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Kubernetes Log Forwarding with Syslog

Logs help you troubleshoot issues with your clusters and apps. Sometimes, you might want to send logs somewhere for processing or long-term storage. On a Kubernetes cluster in the IBM Cloud Container Service, you can enable log forwarding for your cluster and choose where your logs are forwarded.

Using the Container Service CLI, you can forward your container logs to a syslog server with one command:


bx cs logging-config-create mycluster \
    --hostname mysyslog.example.com \
    --type syslog \
    --namespace default

The above command creates a logging configuration to send all container standard output and error logs from the default Kubernetes namespace. These logs are sent using the syslog protocol to mysyslog.example.com.

Try it out

In this tutorial, you will forward your logs to an rsyslog instance running in the same cluster.

Create a Kubernetes cluster on the IBM Cloud Container Service and wait for it to become ready. Next, connect kubectl commands to your cluster with the following command:


eval `bx cs cluster-config mycluster --export`

Next, create an rsyslog service we can forward logs to.

Start by creating deploy-rsyslog.yaml with the following contents:


apiVersion: v1
kind: Service
metadata:
  name: rsyslog-service
spec:
  selector:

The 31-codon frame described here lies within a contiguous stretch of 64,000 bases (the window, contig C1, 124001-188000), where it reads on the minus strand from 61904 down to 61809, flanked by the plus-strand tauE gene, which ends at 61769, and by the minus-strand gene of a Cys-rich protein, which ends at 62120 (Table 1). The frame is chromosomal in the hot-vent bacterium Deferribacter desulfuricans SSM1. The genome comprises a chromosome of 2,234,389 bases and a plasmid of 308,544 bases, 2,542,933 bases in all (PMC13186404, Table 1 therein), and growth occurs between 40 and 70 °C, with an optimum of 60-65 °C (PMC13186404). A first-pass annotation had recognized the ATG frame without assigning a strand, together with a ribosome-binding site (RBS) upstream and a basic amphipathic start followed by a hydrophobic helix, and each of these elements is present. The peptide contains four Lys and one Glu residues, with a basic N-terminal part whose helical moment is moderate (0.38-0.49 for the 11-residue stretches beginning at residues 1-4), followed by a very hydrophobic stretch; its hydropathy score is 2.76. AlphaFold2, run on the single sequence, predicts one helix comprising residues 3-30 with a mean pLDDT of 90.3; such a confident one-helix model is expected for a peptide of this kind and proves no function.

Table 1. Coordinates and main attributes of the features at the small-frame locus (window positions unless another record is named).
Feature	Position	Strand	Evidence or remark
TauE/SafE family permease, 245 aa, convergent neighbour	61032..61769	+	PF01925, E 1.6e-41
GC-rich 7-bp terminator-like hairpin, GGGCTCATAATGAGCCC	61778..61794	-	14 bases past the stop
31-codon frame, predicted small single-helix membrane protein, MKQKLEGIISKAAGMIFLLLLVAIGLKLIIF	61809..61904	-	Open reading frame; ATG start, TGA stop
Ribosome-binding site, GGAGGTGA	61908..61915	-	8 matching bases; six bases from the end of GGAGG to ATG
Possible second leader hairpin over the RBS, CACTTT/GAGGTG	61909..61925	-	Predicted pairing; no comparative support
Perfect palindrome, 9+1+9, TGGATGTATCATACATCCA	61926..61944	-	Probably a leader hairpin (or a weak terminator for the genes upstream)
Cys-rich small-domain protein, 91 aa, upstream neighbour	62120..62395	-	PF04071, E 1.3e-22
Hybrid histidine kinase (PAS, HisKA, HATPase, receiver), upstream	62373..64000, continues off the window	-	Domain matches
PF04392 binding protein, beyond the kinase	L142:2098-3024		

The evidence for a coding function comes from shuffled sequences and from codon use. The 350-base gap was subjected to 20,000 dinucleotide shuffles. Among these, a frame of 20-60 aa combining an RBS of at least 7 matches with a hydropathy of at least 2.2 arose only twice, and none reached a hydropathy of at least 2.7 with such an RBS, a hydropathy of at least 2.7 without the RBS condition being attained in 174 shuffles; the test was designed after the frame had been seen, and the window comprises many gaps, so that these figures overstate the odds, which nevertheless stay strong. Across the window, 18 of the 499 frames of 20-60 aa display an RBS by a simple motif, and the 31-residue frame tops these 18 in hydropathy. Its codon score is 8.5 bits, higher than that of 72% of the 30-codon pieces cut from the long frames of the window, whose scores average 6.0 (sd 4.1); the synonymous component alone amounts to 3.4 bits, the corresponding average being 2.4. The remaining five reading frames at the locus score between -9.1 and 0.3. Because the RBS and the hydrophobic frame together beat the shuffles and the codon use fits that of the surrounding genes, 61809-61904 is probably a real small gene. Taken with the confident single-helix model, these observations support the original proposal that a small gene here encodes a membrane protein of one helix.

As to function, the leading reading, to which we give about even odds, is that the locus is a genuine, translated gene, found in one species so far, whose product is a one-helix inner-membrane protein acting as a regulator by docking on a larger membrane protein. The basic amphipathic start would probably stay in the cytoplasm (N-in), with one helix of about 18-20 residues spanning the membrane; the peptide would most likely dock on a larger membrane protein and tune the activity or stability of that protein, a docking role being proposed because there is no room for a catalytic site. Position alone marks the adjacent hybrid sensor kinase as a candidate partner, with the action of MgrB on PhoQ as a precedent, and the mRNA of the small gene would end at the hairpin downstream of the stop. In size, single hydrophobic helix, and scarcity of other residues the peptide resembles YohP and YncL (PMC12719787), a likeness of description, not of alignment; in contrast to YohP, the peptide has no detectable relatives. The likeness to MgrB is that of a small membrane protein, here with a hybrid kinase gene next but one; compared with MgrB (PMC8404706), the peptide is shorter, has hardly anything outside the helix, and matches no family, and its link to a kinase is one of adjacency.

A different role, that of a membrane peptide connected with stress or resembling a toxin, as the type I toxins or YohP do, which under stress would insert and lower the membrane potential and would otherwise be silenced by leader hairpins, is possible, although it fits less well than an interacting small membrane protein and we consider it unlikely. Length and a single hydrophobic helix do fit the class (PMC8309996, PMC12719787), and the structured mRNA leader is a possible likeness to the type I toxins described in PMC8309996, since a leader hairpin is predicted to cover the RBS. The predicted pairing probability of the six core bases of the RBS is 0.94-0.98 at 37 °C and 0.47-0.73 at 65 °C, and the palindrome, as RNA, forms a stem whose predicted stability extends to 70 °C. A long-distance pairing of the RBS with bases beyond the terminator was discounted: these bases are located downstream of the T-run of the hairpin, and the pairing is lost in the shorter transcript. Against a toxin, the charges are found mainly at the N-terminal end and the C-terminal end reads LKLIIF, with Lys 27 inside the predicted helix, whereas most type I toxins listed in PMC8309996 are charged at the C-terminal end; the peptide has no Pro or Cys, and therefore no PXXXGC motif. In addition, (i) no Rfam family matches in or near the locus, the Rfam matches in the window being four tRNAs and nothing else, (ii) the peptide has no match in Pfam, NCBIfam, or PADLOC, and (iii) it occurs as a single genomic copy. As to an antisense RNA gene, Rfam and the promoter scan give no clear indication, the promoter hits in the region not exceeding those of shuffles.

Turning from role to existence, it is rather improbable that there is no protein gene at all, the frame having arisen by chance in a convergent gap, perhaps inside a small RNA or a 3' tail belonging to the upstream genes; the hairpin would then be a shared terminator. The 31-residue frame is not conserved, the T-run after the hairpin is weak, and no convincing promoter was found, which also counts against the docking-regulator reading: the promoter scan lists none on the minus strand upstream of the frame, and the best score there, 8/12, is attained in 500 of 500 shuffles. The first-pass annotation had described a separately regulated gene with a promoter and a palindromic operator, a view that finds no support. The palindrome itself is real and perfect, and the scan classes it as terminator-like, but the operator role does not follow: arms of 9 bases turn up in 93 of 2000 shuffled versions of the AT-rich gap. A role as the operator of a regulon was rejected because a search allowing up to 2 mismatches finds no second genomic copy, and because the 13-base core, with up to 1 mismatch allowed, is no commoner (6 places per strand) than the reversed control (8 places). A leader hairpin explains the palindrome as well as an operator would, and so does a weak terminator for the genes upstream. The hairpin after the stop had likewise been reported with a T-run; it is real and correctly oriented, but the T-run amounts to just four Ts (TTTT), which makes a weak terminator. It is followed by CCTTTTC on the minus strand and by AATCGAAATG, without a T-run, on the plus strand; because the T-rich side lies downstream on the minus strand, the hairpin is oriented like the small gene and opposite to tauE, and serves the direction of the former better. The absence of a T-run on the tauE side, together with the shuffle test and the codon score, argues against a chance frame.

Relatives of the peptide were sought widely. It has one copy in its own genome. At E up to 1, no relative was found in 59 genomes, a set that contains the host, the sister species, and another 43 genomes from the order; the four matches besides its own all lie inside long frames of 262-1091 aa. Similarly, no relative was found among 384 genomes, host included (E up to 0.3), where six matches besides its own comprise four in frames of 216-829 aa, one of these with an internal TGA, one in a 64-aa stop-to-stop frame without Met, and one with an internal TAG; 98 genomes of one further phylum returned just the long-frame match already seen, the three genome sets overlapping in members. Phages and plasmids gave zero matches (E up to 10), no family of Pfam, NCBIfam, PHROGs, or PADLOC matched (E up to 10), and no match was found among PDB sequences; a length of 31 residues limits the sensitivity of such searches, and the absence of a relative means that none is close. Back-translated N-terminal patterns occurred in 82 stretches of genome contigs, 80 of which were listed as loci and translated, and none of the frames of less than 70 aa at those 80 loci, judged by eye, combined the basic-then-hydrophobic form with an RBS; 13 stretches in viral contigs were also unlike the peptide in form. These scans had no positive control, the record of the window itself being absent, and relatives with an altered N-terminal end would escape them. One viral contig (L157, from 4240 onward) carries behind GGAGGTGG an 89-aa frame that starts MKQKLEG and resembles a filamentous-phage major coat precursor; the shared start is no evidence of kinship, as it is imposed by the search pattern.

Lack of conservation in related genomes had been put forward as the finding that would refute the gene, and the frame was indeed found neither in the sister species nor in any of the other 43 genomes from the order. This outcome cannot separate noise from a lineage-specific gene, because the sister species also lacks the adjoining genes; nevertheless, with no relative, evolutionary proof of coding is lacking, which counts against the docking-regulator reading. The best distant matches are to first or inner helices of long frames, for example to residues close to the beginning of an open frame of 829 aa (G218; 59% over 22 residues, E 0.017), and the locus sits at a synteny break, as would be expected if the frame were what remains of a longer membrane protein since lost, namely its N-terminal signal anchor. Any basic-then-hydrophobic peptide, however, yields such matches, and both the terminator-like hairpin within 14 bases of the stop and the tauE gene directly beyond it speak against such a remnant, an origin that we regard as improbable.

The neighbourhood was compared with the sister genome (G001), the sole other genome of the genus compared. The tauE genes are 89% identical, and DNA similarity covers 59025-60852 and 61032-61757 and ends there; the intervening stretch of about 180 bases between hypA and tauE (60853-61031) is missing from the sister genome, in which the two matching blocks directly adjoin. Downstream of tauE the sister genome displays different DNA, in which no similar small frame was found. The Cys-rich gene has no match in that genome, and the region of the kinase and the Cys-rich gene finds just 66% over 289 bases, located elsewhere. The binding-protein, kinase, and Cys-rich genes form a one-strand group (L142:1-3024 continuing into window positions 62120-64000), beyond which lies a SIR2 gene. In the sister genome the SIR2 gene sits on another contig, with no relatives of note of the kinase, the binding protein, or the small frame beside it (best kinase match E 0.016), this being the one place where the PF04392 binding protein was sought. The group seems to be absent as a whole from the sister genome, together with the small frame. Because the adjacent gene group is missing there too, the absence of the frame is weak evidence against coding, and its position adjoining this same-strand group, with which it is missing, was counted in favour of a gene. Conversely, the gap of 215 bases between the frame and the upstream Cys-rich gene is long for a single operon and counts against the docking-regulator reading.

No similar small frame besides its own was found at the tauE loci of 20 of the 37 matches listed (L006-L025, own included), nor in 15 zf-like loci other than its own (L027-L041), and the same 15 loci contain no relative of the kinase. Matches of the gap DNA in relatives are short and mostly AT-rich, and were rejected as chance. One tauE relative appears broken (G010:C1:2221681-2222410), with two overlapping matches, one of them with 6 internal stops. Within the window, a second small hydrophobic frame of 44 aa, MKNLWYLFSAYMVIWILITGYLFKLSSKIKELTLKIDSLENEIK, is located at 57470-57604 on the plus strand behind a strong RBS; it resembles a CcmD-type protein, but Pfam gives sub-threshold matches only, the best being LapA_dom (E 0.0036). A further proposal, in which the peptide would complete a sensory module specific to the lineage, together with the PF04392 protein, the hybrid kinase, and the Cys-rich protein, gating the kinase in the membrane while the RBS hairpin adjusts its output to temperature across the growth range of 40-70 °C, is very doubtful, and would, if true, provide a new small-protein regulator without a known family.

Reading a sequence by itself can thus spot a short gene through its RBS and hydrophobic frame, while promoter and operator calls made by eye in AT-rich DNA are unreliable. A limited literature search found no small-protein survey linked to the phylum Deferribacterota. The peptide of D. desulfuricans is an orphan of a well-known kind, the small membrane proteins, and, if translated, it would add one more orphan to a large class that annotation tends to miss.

app: rsyslog
  ports:
  - name: tcp-syslog
    port: 514
    targetPort: 514
    protocol: TCP
  - name: udp-syslog
    port: 514
    targetPort: 514
    protocol: UDP
---
apiVersion: apps/v1beta1
kind: Deployment
metadata:
  name: rsyslog
spec:
  replicas: 1
  selector:
    matchLabels:
      app: rsyslog
  template:
    metadata:
      name: rsyslog
      labels:
        app: rsyslog
    spec:
      containers:
      - name: rsyslog
        image: voxxit/rsyslog:latest
        imagePullPolicy: "Always"
        ports:
        - name: incoming-logs
          containerPort: 514

Then run the following:


kubectl create -f deploy-rsyslog.yaml

Then configure your logs to go to the rsyslog service.


bx cs logging-config-create mycluster \
    --hostname rsyslog-service.default \
    --type syslog \
    --namespace default

Finally, deploy a container to your cluster that generates logs. I like using a noisy pod to verify that log forwarding is working. Make a deploy-noisy.yaml file with the following contents:


apiVersion: v1
kind: Pod
metadata:
  name: noisy
spec:
  containers:
  - name: noisy
    image: ubuntu:16.04
    command: ["/bin/sh"]
    args: ["-c", "while true; do sleep 10; echo 'Hello world!'; done"]
    imagePullPolicy: "Always"

Finally, create the noisy pod.


kubectl create -f deploy-noisy.yaml

Now take a look inside the rsyslog instance to see the logs.


export rsyslog_pod_name=`kubectl get pods -l app=rsyslog -o jsonpath='{range .items[*]}{.metadata.name}'`
kubectl exec -it "$rsyslog_pod_name" -- tail -f /var/log/messages

If you see some Hello world! lines, then you have successfully forwarded logs to your rsyslog service.

To learn more, continue reading about log forwarding or IBM’s Kubernetes offering.









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via IBM Cloud Blog https://ibm.co/2pQcNaA

November 23, 2017 at 12:45PM